When I first time heard about this new Trio recording from Tom himself I was all ears. Especially given the fact that it constituted itself from a long-time collaboration in a Duo that the trumpeter made with the pianist Richard Fairhurst. Those recordings made for London based Babel records in different Duo constellations are to me sort of Tom’s benchmarks, showing his incredible ability to communicate with the hugely reduced expression dictionary, dealing with reduced scale and keep focused artistic communication in the centre of the funnel.
Here they expanded to trio and picking the Finnish drummer Markku Ounaskari for the job was a perfect choice, again showing Arthurs’ sublime sensitivity for getting the right collaborators for his projects. The way he plays and can be heard on the numerous ECM recordings shows his ability to frame perfectly every project without going up front or showing off his own ego. Listen to some albums of Nils Petter Molvaer, Trygve Seim,Tomasz Stanko or Arve Henriksen with his drumming and you immediately understand what I mean.
Tom’s artistic inspirations varies from poetry, like mentioned above Duo on Postcars from Pushkin to strictly cinematic inspirations, like on another brilliant one on Vaucanson’s Muse which always brings to my eyes pictures from Tornatorre’s The Legend 1900 and The Love theme written by unrivalled Nino Rota.
Here we have six sketches which came a long way to their current shape. All beautifully executed and audibly mastered. Opening Evergreens has that open simplicity of the folk tune which is expressed wonderfully with trumpeter’s opening rubato. Pianist response equally gentle and sensitive comes on pair with drummer’s approach so inner tuned that they almost sound like a single voice. The harmony builds on careful listening and the act is mastered to the boarder of the tension which is deeply touching with its crystalline openness and the fragile repetitive structure with twisted timing counted by piano driving this delicate tissue.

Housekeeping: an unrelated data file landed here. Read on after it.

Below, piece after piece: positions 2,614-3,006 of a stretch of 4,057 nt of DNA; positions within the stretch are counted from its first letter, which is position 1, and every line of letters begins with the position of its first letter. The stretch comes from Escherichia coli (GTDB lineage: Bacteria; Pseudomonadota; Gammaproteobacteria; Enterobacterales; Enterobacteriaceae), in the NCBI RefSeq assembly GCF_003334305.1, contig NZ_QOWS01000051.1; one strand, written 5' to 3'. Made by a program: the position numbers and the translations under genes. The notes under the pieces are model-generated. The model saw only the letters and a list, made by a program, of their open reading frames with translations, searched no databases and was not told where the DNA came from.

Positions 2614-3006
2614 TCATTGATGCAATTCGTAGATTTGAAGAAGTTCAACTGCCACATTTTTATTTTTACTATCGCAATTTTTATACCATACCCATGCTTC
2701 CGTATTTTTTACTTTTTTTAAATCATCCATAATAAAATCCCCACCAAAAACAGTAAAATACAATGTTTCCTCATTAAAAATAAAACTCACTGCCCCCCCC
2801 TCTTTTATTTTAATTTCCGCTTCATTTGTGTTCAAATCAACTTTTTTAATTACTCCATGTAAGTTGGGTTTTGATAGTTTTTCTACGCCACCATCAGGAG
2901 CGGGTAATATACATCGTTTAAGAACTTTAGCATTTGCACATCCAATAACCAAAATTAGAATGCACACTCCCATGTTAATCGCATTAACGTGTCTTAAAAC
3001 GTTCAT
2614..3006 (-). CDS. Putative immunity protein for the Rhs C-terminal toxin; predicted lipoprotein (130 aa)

Pyörähdellen is a perfect example of such a motion alike approach. It starts so slow than one might think after first pause that it was just an interlude, then from that point it climbs like an ivy on the fantastic construction that percussionist supplies. Around that piano starts to take over and soon the rhythm becomes romantic melody in almost Jarrett’esque style. Conversation with trumpet here then blossoms into the full climax painted with Tom’s long notes with gentle hardly noticeable vibrato.
Liepnitz in Ruhe is Tom’s weaving cloudy landscapes with long notes, slowly reaching amplitude, probably the most illustrative piece here, with both pianist and drummer following the leader’s phrase with almost intuitive feeling. I love this bit madly and can listen to it forever.
Coming after Verklöstert is pure tour the force of Ounaskari’s architectural skills and three-dimensional finesse. His drumming makes a drama here in Marilin Mazur’s panoramic landscape brushing alike style and honestly makes a piece alone. Tom’s gentle lines counterpointed by piano are sounding relaxed and dreamy like Dave Douglas’s trumpet on Charm of the Night Sky, the recording of the compelling beauty.
I bought that one from the past for the reason as once One Year/Song approaches the similarity becomes even more irresistible. Trumpet lines are coming on the drumming cannonade like a lament. Voice is so meaning and captivating that it still stays in your head even if the band is already in the middle of the repetitive chorus.
I would call that recording simply Epic